In the fall of 1997 I began studying Chinese Medicine through the California State Tutorial Program, an apprenticeship pathway vehemently opposed by state governmental agencies and the Acupuncture Colleges. The centuries old method of transmitting knowledge, skill and expertise was saved by a large group of Chinese Masters practicing in San Francisco.
My preceptor and I spoke about numerous sub-topic related to health and healing during those 3 years I studied with him in Santa Cruz. One day I had a cup of coffee in my hand and he an herbal tea of some sort. We sat at the dining room table of his clinic, really a home converted into a Healing Center. My teacher was sipping on his tea while I sat trembling with a case of the caffeine jitters.
“Good old-fashioned speed,” he said in a matter of fact way. Startled by this, I smiled, gulping down another large swig of the organic Guatemalan Antigua infused brew which was coursing through my blood stream and lighting up my nervous system. And much like Thomas Edison’s Direct Current of the late 19th century, my java dividends were minimal, though had I know the side-effects were similar to Edison’s street light explosions, I might have discontinued the coffee pastime much sooner.
The truth in my preceptor’s simple and forward comment struck me. He was comparing coffee, caffeine and the various cousin constituents contained with the coffee bean, to: Meth, Cocaine, and other illicit amphetamines. We launched into a lively conversation and I was enlightened and astonished, further awakened from society’s socially-accepted trance and vice.
Like many beverages consumed my humans, the detrimental effects of coffee far outweigh any so called benefits. We are programmed to continue our addictive-abuse of this particular caffeine substance, the coffee-drug, because we are still believing in thoughts, such as:
“How will I be able to accomplish all of the tasks, duties, and jobs I’ve set before myself…I need this in order to….I won’t be able to do it unless…”
These types of mind-based rationalizations combine with body-centered addictive responses: we are hit both psychologically and physiologically.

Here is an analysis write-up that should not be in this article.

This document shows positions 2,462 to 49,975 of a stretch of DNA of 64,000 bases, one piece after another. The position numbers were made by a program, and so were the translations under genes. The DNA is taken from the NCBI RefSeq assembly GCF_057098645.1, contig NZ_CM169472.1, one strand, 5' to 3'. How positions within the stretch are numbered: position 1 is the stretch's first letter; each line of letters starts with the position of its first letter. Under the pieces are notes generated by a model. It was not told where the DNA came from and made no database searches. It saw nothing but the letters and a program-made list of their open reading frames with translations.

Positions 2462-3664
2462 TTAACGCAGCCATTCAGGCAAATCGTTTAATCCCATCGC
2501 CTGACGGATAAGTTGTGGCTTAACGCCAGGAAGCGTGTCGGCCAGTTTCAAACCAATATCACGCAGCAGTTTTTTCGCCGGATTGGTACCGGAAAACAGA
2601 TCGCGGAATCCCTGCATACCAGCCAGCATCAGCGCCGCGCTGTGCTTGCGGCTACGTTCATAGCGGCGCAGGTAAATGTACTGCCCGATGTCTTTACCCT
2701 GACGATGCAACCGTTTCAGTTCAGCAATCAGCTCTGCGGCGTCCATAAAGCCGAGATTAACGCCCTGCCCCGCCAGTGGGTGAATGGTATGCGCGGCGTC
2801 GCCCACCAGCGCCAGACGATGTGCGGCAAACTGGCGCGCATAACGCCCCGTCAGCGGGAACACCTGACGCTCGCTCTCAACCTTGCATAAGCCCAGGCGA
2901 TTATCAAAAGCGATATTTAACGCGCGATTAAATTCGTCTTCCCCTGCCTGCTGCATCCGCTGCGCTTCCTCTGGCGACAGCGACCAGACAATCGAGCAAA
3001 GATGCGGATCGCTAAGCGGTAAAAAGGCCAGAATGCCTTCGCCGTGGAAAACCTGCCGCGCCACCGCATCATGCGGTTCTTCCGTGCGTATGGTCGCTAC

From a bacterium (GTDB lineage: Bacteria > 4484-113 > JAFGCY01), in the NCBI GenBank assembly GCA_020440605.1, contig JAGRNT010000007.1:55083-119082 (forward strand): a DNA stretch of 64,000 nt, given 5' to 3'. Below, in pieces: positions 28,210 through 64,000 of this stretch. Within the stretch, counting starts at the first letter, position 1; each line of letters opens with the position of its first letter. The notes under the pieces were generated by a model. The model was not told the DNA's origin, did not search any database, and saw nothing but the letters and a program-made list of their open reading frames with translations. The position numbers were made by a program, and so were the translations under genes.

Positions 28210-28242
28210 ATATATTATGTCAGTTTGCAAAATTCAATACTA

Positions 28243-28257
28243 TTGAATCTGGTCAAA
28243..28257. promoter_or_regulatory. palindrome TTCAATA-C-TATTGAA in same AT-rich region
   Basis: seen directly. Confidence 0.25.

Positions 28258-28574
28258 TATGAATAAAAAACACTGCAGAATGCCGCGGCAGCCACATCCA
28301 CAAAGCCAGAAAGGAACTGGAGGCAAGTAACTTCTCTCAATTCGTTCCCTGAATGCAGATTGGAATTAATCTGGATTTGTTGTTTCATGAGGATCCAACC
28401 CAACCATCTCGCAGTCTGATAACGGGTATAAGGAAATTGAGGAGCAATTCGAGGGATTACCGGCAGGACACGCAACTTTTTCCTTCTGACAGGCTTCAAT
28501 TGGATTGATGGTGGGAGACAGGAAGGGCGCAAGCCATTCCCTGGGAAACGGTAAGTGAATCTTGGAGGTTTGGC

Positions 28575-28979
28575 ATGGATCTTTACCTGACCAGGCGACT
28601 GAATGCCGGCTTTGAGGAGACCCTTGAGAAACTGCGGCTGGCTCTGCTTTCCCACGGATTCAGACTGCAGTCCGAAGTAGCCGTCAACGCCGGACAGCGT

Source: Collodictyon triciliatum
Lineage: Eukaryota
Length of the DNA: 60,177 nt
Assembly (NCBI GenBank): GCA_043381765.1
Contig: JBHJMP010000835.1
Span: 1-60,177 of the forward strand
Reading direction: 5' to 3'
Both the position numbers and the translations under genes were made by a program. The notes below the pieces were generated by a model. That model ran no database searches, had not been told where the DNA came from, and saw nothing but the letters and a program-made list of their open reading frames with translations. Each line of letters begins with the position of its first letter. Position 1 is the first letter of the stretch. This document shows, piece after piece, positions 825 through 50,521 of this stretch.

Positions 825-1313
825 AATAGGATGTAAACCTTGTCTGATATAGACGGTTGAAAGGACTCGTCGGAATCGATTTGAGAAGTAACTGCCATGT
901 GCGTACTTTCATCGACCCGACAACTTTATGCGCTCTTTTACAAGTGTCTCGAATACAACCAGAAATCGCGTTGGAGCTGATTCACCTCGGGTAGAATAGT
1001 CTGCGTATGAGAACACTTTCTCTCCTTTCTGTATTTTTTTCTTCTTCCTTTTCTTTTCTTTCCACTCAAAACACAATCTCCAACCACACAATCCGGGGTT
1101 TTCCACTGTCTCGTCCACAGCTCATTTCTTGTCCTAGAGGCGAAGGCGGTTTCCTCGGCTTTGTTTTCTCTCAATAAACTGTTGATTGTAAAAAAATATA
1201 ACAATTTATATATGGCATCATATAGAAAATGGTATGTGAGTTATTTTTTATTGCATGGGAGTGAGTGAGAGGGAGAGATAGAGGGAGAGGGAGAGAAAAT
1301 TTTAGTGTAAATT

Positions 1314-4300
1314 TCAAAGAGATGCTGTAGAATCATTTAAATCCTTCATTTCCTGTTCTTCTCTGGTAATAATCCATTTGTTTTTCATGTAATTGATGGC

My sensitivity to caffeine has only increased in the 23 years since that momentous discussion. Even a small amount of weak green tea is enough to cause an inflammatory response in my central nervous system.
Millions more are ravaging their body and increasing restlessness of mind but have no idea that their Morning Joe is wreaking havoc in so many ways. The worldwide addiction continues to grow.
Another new coffee shop just opened in Santa Cruz and was instantly a packed house. The only business cropping up more often is the next Cannabis Club. People are so revved up these days that our local highway 17, the thru-way between Silicon Valley mayhem and the calming Ocean tides, is thought to be the latest 24 Hour at Le Mans Training Ground. We spend our weekends talking like chattering chipmunks, discussing whatever thought comes in, following the overstimulated and restless mind and body processes, each of us fighting to be the one who talks. All the while sitting down in a noisy cafe in the guise of relaxation.
Really, drinking coffee in American today is one of the preferred forms of relaxation. It is an amazing statement but true. Throwing down 50 grams of sugar-infested, high gluten wheat and 150 mg or more of caffeine is our way to peace and calm?! Yep, good old-fashioned, socially-accepted speed. And the 75 billion dollar Coffee Empire continues to use manipulated scientific trials and put out bogus propaganda, such as:
“Coffee is the leading source of antioxidants in our diet.” And of course coffee is being promoted as the latest drug that can help you: “Increase your fiber intake…protection against cirrhosis of the liver…lowers the risk of Type 2 Diabetes and Alzheimer’s disease.
And of course, everyone knows that coffee: “Reduces suicide risk and depression.”
Does anyone really believe this?
What are we really searching for or trying to obtain with our Speedy-Lives?
Once we understand that our need for speed in all things comes from an agitated and restless mind, a light goes off, habitual tendencies fade, thoughts are no longer followed and we come into a slowdown phase.
Eventually stillness is found. We realize that what we having been searching for is already within us. There’s nowhere to go, no place to get to quicker. We can relax, centered and calm, and be at peace.